Ukraine: Avoiding the 'Cold War' Entrapment

Rather than search for a "new global paradigm," it is time to stand beside those principles already elucidated in the Paris Charter of 1990: that states cannot alter borders via force, and that every nation has the right to determine its own future.
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Tom Hayden's July 21 article is quick to invoke historic Russo-Western Cold War tensions to explain, and excuse, Moscow's aggression against Ukraine today. Utilizing what amount to "dim and distorted" traces of the past, Mr. Hayden attempts to defend Moscow's continuing intervention in Ukraine by asserting that the expansionism of "Western triumphalists" plunged East and West into a renewed global conflict. However, the transatlantic community neither began this crisis, nor perceives it to be the dawning of a global clash of ideologies or civilizations. Instead, this crisis reflects Vladimir Putin's eleventh-hour endeavor to maintain his regional power by undermining Ukraine's decision to pursue a European future based on democratic governance and the rule of law.

To begin, unfortunately, we cannot all agree that the West instigated a new Cold War by seeking to expand its "sphere of influence" across "the Ukraine." (Nor can we even agree to the term "the Ukraine," a phrase replete with connotations that Ukraine is a wayward region of Russia, not an independent state.) The mere visit of a Russian leader to Latin America during a Russo-Western clash does not indicate a conflict that is either global or ideological in nature. Russian nationalism is not an exportable doctrine to which other states will rally. While certain nations will embrace Moscow's subversion of the inviolability of borders, no Russian-led anti-Western coalition will emerge.

Persistence with this false parallel only obscures the intricacies of the Ukrainian situation. The resulting interpretation is ripe with mischaracterizations, principally the oversimplified division of Ukraine into a "pro-Western west" and "pro-Russian east." Mr. Hayden refers to "millions of people who identified with Russia's language, culture, and political orientation." Yet there exists no evidence of this marginalized and aggrieved group. No credible threat to the Russian language has been demonstrated in Ukraine. In February, acting-President Oleksandr Turchynov blocked the sole "attack" on Russian, vetoing an attempted repeal of the 2012 language law.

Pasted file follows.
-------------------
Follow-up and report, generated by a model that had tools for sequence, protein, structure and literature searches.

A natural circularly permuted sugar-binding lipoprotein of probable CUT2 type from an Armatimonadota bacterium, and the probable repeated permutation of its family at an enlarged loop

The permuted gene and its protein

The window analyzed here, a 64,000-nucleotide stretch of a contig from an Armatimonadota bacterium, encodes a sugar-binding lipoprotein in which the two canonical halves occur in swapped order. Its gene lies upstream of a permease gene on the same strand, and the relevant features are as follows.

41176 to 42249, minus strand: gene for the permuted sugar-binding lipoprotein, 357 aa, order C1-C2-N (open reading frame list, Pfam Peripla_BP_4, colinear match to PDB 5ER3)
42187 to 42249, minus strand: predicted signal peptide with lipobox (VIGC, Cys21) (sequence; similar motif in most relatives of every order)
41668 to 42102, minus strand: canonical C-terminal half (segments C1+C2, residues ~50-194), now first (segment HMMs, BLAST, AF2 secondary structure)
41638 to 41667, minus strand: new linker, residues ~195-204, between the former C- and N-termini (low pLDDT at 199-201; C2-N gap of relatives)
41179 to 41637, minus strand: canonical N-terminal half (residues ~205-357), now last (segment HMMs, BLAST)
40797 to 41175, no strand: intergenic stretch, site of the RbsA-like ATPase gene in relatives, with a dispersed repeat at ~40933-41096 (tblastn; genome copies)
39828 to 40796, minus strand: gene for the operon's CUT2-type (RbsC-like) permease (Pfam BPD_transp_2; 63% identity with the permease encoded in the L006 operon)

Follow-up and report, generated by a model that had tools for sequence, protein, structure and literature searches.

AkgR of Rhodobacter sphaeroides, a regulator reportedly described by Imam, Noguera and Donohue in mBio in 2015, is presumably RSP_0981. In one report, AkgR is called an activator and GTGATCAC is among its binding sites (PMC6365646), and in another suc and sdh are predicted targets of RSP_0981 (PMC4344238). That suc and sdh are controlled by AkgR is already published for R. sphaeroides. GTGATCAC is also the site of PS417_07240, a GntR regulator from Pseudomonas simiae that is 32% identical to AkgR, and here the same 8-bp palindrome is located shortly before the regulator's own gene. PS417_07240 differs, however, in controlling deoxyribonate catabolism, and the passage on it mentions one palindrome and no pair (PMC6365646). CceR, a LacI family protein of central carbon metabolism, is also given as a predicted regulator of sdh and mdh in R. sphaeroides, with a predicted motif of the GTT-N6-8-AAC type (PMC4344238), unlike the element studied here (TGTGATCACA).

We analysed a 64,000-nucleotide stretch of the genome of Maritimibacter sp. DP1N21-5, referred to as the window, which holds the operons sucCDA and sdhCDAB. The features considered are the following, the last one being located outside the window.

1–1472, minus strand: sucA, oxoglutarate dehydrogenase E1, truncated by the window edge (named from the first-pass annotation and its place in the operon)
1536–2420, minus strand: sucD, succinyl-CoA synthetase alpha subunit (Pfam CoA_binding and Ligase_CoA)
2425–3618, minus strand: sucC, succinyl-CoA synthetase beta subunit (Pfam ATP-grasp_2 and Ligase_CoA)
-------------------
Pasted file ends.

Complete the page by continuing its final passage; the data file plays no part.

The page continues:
Furthermore, it is unclear what identifying with "Russia's political orientation" entails. Are such individuals adherents to Mr. Putin's regime? If so, should that override the wishes expressed democratically in the May 25 election? Perhaps Mr. Hayden meant to suggest that these persons were supporters of former Russian-friendly President Viktor Yanukovych. However, Mr. Yanukovych's implementation of repressive and violent measures against the Maidan found him little shelter in the "pro-Russian" regions when he fled there before continuing on to Russia. Yet, the July 21 piece avoids such details in order to depict a defiant unified pro-Russian people united against an oppressive Kyiv.

The author strives to assign responsibility for the escalating violence to the Poroshenko government and the West, not to Mr. Putin and the separatists. Mr. Hayden chastises the West for not heeding Mr. Putin's "calls for a cease-fire." However, Kyiv's decision to withdraw from the June ceasefire, which President Poroshenko had unilaterally instituted, came only after continued separatist attacks killed twenty-seven additional Ukrainian servicemen during negotiations. As for Mr. Putin, his support for the ceasefire came in the form of the infiltration of additional heavy weapons and foreign fighters across the border, demonstrating that Russia approached the ceasefire without a modicum of sincerity.

Mr. Hayden continues to assert that "if [Poroshenko] had extended the cease-fire instead, [Malaysia Airlines flight 17] would not have been shot down." To blame Kyiv for the destruction of MH17 is as audacious as it is abhorrent. While any final determination will depend upon an international investigation, all current evidence indicates a separatist-launched missile destroyed the plane. Such a statement is flagrant apologetics intended to shift responsibility for the tragedy from a dangerous and illegitimate group.

Mr. Hayden's main "Cold War premise" is the promulgation of a false sense of moral equivalence between Russia and Ukraine in this conflict. Rejecting that "Putin would send Russian troops to war over the eastern Ukraine if peaceful coexistence was achievable," the author dismisses any potential for an internally-reached settlement, thereby justifying Russia's intervention while demonizing Ukraine's efforts to uphold its territorial integrity. Thus, Mr. Hayden strives to provide a pretext for Moscow's barefaced aggression against its neighbor, and obscure Ukraine's right to self-defense.

Recognition of this right could serve as the beginning of the answer to Mr. Hayden's closing question of "how to construct a compelling alternative to the Cold War model?" Rather than search for a "new global paradigm," it is time to stand beside those principles already elucidated in the Paris Charter of 1990: that states cannot alter borders via force, and that every nation has the right to determine its own future. By embracing these principles, the world can avoid a return to the violence of the pre-World War II order or the rigidity of the Cold War system; but such a future demands we act to prevent and condemn aggression, not apologize for or accept it.

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